I grew up in the 1970s when there was a big push to teach the metric system in elementary school. The teaching method was carefully designed to make kids hate the metric system. Instead of making it fun and practical, the focus was on memorizing *all* the prefixes, abbreviations, and conversions to & from imperial units. FAIL.
likuidkewl writes "Two super-earths, 5 and 7.5 times the size of our home, were found to be orbiting 61 Virginis a mere 28 light years away. 'These detections indicate that low-mass planets are quite common around nearby stars. The discovery of potentially habitable nearby worlds may be just a few years away,' said Steven Vogt, a professor of astronomy and astrophysics at UCSC. Among hundreds of our nearest stellar neighbors, 61 Vir stands out as being the most nearly similar to the Sun in terms of age, mass, and other essential properties."
diegocg writes "Linus Torvalds has officially released the version 2.6.32 of the Linux kernel. New features include virtualization memory de-duplication, a rewrite of the writeback code faster and more scalable, many important Btrfs improvements and speedups, ATI R600/R700 3D and KMS support and other graphic improvements, a CFQ low latency mode, tracing improvements including a 'perf timechart' tool that tries to be a better bootchart, soft limits in the memory controller, support for the S+Core architecture, support for Intel Moorestown and its new firmware interface, run-time power management support, and many other improvements and new drivers. See the full changelog for more details."
SD-Arcadia writes to tell us that Theora 1.1 has officially been released. It features improved encoding, providing better video quality for a given file size, a faster decoder, bitrate controls to help with streaming, and two-pass encoding. "The new rate control module hits its target much more accurately and obeys strict buffer constraints, including dropping frames if necessary. The latter is needed to enable live streaming without disconnecting users or pausing to buffer during sudden motion. Obeying these constraints can yield substantially worse quality than the 1.0 encoder, whose rate control did not obey any such constraints, and often landed only in the vague neighborhood of the desired rate target. The new --soft-target option can relax a few of these constraints, but the new two-pass rate control mode gives quality approaching full 'constant quality' mode with a predictable output size. This should be the preferred encoding method when not doing live streaming. Two-pass may also be used with finite buffer constraints, for non-live streaming." A detailed writeup on the new release has been posted at Mozilla.
Oh, you mean like C++? Or maybe Perl? Ugh, no thanks. You can keep your JOY.
theodp writes "Many US colleges and universities have notices posted on their websites informing US companies that they're tax chumps if they hire students who are US citizens. 'In fact, a company may save money by hiring international students because the majority of them are exempt from Social Security (FICA) and Medicare tax requirements,' advises the taxpayer-supported University of Pittsburgh (pdf) as it makes the case against hiring its own US students. You'll find identical pitches made by the University of Delaware, the University of Cincinnati, Kansas State University, the University of Southern California, the University of Wisconsin, Iowa State University, and other public colleges and universities. The same message is also echoed by private schools, such as John Hopkins University, Brown University, Rollins College and Loyola University Chicago."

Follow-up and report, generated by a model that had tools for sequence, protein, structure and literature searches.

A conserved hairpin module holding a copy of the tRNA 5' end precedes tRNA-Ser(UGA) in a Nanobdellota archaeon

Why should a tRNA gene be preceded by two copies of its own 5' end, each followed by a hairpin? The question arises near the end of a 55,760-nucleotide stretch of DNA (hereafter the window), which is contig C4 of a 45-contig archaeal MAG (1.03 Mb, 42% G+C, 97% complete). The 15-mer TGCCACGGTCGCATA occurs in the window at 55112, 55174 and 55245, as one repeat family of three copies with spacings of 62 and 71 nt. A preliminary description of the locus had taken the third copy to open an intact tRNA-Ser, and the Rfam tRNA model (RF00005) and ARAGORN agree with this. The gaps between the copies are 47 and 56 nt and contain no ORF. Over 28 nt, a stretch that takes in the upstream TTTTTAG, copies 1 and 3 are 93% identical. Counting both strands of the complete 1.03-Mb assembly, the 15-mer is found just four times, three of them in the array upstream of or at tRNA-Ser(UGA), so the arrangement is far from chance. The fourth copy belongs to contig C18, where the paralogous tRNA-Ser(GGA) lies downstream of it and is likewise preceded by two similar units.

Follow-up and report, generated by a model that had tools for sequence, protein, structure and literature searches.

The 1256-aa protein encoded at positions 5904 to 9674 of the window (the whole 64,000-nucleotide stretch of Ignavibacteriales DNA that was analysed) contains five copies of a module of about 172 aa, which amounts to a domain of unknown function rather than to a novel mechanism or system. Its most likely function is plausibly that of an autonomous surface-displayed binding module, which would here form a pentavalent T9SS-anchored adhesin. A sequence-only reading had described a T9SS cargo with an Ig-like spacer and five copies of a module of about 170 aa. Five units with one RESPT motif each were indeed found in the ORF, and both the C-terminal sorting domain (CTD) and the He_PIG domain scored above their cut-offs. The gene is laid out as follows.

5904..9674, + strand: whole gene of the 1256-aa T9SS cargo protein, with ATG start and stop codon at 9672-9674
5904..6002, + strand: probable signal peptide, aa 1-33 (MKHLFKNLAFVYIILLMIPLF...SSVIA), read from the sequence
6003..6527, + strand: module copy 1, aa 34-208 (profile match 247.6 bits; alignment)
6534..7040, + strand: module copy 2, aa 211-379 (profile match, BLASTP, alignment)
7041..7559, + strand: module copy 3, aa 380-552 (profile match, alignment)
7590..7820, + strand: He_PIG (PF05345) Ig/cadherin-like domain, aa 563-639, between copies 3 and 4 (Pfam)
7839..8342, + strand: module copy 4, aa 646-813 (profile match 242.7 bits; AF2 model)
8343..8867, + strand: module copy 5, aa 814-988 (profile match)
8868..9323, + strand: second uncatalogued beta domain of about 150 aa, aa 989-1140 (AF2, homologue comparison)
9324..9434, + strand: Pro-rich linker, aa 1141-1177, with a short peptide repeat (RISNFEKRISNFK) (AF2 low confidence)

Al writes "Researchers at Boston University have developed a way to predict the behavior of different DNA segments and make synthetic biology a little bit more reliable. James Collins and colleagues have built libraries of component parts and a mathematical modeling system to help them predict the behavior of parts of a gene network. Like any self-respected bunch of grad students, they decided to demonstrate the approach by making beer. They engineered gene promoters to control when flocculation occurs in brewers yeast, which allowed them to finely control the flavor of the resulting beer."
An anonymous reader writes "The one summary judgement that puts a stick into SCO's spokes has just come down. SCO doesn't own the Unix copyrights. With that one decision, a whole bunch of other decisions will fall like dominoes. As PJ says, "That's Aaaaall, Folks!".
http://www.groklaw.net/article.php?story=20070810Hot off the presses: Judge Dale Kimball has issued a 102-page ruling [PDF] on the numerous summary judgment motions in SCO v. Novell. Here is what matters most: [T]he court concludes that Novell is the owner of the UNIX and UnixWare Copyrights. That's Aaaaall, Folks! If anyone can please put this into text for us, that'd be simply great.
eldavojohn writes "Following our last history lesson of Linux 0.01, the Kernel Trap is talking about the following announcements that would lead to one of the greatest operating systems today. A great Linus quote on release 0.02 (just 19 days after 0.01): 'I can (well, almost) hear you asking yourselves "why?". Hurd will be out in a year (or two, or next month, who knows), and I've already got minix. This is a program for hackers by a hacker. I've enjoyed [sic] doing it, and somebody might enjoy looking at it and even modifying it for their own needs. It is still small enough to understand, use and modify, and I'm looking forward to any comments you might have.'"